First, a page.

Nobles Parents' E-Newsletter

May 2017

Nobles Parents' Newsletter May 2017

"College Counseling Notes from the Road" by Director of College Counseling Kate Ramsdell

College Counseling Notes from the Road: 680 miles. 5 colleges. 3 days. Or, “Welcome to Oxford, Mississippi, home of the Harvard of the South!”

April 5, 2017 – Atlanta-Hartsfield International Airport

This morning Tom Resor and I navigated our way out of Tuscaloosa in a driving – and I mean couldn’t see ten feet in front of us – thunderstorm. Last night at 11:45 we received an email alert from our admissions officer at the University of Alabama sharing that the campus was going to suspend classes because of severe storm activity. Well, Roll Tide! Though we didn’t get a chance to see as much of the campus as planned, we affirmed what we’ve known for a long time: ask anyone you meet in a college town if they’re affiliated with the university, and you’ll gain incredible insider knowledge.

We ate in the hotel restaurant late last night, and our server was a senior communications and journalism major. We were her only patrons, so she spent the better part of an hour with us. We discussed politics and race relations on campus, social life and her future. Hoping to get a job in the PR department of a professional sports team when she graduates, Tasha was about to leave for an internship with Ford in Dearborn, Michigan, (for credit) in community relations. She had interned at Disney her first year, and had overseen on-campus recruiting events for the Alabama Football team for the last two years. Hello, experiential learning! Her classes all had fewer than 20 students once she was taking major courses starting sophomore year, and the largest class she could remember was with a professor who had taken time to get to know her in a class of 150. She gave us some good intel on the football program, too, but we were sworn to secrecy.

April 4, 2017- In a rented Sentra, somewhere in central Mississippi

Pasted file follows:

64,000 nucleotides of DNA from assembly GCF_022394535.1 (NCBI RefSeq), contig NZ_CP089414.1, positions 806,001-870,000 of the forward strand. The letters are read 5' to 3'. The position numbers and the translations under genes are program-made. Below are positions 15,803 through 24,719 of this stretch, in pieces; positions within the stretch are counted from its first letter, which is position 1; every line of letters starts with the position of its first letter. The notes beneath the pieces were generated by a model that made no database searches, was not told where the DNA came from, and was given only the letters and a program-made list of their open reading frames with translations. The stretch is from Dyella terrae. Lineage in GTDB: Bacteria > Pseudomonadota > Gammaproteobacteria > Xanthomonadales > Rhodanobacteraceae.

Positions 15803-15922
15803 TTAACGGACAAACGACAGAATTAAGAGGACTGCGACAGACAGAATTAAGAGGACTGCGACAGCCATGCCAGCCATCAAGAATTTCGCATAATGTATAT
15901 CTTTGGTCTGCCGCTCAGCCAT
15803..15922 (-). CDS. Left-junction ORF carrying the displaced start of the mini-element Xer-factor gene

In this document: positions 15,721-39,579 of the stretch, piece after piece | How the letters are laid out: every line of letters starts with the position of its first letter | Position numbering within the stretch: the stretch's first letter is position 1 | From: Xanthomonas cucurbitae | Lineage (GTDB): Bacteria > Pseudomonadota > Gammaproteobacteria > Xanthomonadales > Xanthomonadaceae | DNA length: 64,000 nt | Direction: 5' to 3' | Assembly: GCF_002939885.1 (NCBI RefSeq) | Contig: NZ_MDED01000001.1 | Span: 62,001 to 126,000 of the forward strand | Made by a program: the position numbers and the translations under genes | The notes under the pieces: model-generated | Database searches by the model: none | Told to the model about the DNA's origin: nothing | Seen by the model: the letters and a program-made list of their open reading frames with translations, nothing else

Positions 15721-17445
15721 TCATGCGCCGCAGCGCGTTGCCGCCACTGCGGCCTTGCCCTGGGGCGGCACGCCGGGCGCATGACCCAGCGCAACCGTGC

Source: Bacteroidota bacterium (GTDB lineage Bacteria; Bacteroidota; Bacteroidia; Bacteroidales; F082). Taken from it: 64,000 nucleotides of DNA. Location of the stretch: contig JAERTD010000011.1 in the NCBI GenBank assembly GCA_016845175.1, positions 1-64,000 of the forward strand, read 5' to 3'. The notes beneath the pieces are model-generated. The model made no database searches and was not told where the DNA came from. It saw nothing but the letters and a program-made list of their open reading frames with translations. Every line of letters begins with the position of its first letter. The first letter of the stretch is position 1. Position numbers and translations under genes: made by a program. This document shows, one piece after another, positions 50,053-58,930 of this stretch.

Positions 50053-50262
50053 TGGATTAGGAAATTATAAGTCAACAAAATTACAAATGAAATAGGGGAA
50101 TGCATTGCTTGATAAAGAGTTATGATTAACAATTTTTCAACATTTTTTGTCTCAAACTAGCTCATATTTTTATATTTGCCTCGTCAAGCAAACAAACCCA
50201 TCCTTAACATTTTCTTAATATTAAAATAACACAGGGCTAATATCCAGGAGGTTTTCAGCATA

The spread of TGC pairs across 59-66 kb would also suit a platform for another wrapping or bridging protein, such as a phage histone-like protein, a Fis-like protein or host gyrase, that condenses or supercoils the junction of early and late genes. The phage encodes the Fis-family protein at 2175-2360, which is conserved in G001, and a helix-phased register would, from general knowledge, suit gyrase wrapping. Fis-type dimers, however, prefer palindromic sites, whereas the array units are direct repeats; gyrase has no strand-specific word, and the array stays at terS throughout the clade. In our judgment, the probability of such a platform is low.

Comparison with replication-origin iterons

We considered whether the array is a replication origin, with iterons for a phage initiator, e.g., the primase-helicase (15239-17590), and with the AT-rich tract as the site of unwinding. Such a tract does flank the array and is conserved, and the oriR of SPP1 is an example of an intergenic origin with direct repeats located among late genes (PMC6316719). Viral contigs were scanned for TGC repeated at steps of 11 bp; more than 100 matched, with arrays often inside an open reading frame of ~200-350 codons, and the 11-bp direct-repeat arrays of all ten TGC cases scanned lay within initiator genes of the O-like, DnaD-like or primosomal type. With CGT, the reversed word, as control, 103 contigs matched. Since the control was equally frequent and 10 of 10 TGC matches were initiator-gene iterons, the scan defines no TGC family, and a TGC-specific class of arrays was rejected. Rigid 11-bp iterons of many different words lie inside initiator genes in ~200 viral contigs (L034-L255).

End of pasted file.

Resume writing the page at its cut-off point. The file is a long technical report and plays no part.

ME: “Do you think Mississippi State is nearby?”
TOM: “Let’s look it up.”
ME: “You know Jen Craft went to MSU for a year before she finished at Virginia Tech?”
TOM: “Really? Interesting.”
ME: “It’s in the opposite direction on I-45. Let’s do it!”

We rolled into Starkville as the shadows lengthened, and as we pulled into campus, I spotted a sign on the median: Baseball Game Day. We took a U-turn and headed to the baseball stadium (where it was also Harry Potter night). We laughed because all five colleges we’d visited mentioned Harry Potter at some point. With an hour 'til game time, we ventured over to the basketball arena. The doors were locked. We weren’t deterred. If I have learned anything in my time as a college counselor, it’s this: don’t let a locked door stop you.

Quickly, a fellow in an MSU athletics shirt hustled over from inside an office to greet us. Turns out he was a graduate, had served as a trainer for the basketball and football teams for over a decade, and for the last 15 years had managed all of the athletics facilities and events. He was happy to share his love of the place (and some of its warts) with us. Turns out all of MSU’s championship athletic banners are made in Watertown, Massachusetts, right alongside Nobles’! Who knew.